A former US National Security Agency (NSA) contractor has been indicted over an alleged 20-year campaign to steal classified government documents.
On Wednesday, a federal grand jury indicted Harold Thomas Martin III for what prosecutors say "may have been the largest heist of classified government information in history," as reported by Reuters.
Reports suggest that the alleged theft may have also included the majority of the NSA's elite hacking unit's extensive library of hacking tools and software.
The 52-year-old allegedly collected data from the US intelligence agency relating to national defense from December 1993 to August 2016.
According to Acting Assistant Attorney General for National Security Mary McCord, US Attorney Rod Rosenstein for the District of Maryland and Special Agent Gordon Johnson of the FBI's Baltimore Field Office, Martin was employed by at least seven different private companies during this time and was granted work as a contractor for various government agencies.
The contractor held security clearances up to Top Secret and Sensitive Compartmented Information (SCI) during some of this time period, and according to prosecutors, "worked on a number of highly classified, specialized projects where he had access to government computer systems, programs and information, including classified information."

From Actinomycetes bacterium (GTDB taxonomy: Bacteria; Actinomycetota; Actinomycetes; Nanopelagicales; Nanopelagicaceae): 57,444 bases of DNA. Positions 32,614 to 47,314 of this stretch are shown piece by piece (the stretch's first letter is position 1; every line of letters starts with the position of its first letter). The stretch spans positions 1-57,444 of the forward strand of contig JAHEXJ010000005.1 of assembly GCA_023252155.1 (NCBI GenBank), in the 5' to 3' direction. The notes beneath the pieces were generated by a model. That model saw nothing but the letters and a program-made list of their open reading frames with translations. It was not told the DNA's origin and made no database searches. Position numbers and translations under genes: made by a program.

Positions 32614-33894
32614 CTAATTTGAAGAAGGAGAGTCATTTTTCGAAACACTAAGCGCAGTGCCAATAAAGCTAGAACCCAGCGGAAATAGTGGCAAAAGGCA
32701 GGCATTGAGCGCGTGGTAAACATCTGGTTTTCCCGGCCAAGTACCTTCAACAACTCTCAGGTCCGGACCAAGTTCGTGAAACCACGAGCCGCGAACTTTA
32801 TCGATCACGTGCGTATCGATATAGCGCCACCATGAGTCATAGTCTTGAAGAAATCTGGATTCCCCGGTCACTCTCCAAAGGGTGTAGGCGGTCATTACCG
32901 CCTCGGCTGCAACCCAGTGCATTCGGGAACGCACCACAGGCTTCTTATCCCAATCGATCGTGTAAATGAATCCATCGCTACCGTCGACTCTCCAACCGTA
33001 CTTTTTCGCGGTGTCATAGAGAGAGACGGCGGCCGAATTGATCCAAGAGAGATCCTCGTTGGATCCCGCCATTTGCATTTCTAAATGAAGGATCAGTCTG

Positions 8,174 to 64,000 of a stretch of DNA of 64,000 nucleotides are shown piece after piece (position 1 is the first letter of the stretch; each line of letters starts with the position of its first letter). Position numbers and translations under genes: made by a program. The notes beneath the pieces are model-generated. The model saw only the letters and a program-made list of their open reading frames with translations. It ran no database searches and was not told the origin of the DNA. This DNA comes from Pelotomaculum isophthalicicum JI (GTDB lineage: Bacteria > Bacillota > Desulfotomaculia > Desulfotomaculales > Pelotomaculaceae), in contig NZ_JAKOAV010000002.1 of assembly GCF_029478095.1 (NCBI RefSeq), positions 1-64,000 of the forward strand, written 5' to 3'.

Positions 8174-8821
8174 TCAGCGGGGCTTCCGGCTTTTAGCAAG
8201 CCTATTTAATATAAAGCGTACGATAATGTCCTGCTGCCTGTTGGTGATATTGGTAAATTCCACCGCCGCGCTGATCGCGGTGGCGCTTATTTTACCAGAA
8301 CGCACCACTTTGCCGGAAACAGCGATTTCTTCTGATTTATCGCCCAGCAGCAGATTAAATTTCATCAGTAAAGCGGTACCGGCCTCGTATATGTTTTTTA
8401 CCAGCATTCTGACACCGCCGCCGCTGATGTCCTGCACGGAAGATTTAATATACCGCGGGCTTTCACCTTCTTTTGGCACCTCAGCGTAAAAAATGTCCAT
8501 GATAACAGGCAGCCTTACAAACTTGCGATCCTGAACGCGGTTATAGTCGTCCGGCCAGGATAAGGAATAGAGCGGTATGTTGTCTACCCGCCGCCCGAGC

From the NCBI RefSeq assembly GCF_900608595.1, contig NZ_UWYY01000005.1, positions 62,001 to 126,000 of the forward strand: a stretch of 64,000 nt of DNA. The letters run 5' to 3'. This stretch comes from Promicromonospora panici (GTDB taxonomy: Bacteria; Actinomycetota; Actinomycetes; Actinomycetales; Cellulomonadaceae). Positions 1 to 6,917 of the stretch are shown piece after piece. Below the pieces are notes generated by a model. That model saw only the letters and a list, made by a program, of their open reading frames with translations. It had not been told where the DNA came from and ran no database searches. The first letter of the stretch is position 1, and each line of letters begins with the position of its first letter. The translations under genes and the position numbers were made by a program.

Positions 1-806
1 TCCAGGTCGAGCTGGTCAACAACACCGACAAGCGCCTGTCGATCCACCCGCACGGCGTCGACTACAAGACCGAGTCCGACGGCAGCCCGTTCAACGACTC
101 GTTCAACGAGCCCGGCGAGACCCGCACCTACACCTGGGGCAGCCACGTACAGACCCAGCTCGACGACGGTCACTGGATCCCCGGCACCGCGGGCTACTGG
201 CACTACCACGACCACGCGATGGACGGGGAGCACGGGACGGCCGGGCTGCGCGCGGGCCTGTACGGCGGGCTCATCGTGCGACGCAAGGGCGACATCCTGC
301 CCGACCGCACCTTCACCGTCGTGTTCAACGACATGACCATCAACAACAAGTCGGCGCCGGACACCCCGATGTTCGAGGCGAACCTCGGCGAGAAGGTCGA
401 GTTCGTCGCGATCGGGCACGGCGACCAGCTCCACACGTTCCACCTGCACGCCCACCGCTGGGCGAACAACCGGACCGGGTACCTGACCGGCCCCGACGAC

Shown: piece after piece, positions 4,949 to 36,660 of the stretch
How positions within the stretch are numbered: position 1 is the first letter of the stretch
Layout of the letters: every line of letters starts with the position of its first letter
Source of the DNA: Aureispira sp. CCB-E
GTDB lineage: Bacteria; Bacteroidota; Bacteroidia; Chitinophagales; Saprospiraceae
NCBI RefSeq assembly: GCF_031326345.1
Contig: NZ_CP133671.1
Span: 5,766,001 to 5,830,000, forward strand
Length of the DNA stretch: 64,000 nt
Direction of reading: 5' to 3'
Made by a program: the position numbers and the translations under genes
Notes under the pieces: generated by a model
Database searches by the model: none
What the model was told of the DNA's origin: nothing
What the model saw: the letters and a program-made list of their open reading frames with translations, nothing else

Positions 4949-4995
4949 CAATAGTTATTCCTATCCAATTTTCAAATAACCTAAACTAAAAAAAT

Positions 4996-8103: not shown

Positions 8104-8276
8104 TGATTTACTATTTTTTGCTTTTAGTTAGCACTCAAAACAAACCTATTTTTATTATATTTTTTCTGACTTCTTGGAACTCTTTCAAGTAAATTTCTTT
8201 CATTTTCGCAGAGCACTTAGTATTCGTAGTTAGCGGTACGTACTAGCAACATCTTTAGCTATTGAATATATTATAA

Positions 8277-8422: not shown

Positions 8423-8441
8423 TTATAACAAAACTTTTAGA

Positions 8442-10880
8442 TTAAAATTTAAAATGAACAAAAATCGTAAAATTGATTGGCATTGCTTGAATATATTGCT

Over the course of over two decades, Martin allegedly stole sensitive information which was then hoarded at his home in Glen Burnie, Maryland.
The Washington Post reported earlier this week that the stolen data included NSA hacking tools, operational plans against a "known enemy" of the US, and a total of 50 terabytes of digital, classified material.
According to the publication, Martin once held a position in the NSA's top hacker unit, Tailored Access Operations (TAO), and managed to make off with over 75 percent of the department's library of hacking tools.
If the allegation proves to be true, TAO's library and hacking toolset not only would fetch a very high price on the market due to the unit's focus on cyberespionage, but the theft highlights a gross security breach in what should be a secretive and secure department.
It is not currently known whether any of the alleged stolen data was utilized for nefarious purposes, sold, or leaked.
Rosenstein called the alleged theft a "flagrant abuse" of the trust placed in him by the US government.
When Martin was taken into custody last August, he was working for Booz Allen Hamilton, a government contractor which also provided former NSA contractor Edward Snowden to the intelligence agency.
In 2013, Snowden leaked a treasure trove of confidential government documents to the media which exposed the mass surveillance activities of the US agency both in its home country and abroad, prompting outrage from technology vendors and the general public.
Martin's indictment means he faces a total of 20 criminal counts, each of which can earn the former contractor up to 10 years in prison under the Espionage Act, according to the Department of Justice (DoJ).
"The FBI investigation and this indictment reveal a broken trust from a security clearance holder," said Johnson. "Willfully retaining highly classified national defense information in a vulnerable setting is a violation of the security policy and the law, which weakens our national security and cannot be tolerated."
The former contractor is reportedly considered a flight risk -- perhaps as an echo of Snowden's dash to Russia -- and remains at a detention facility until a hearing on February 14 at the US District Court in Baltimore.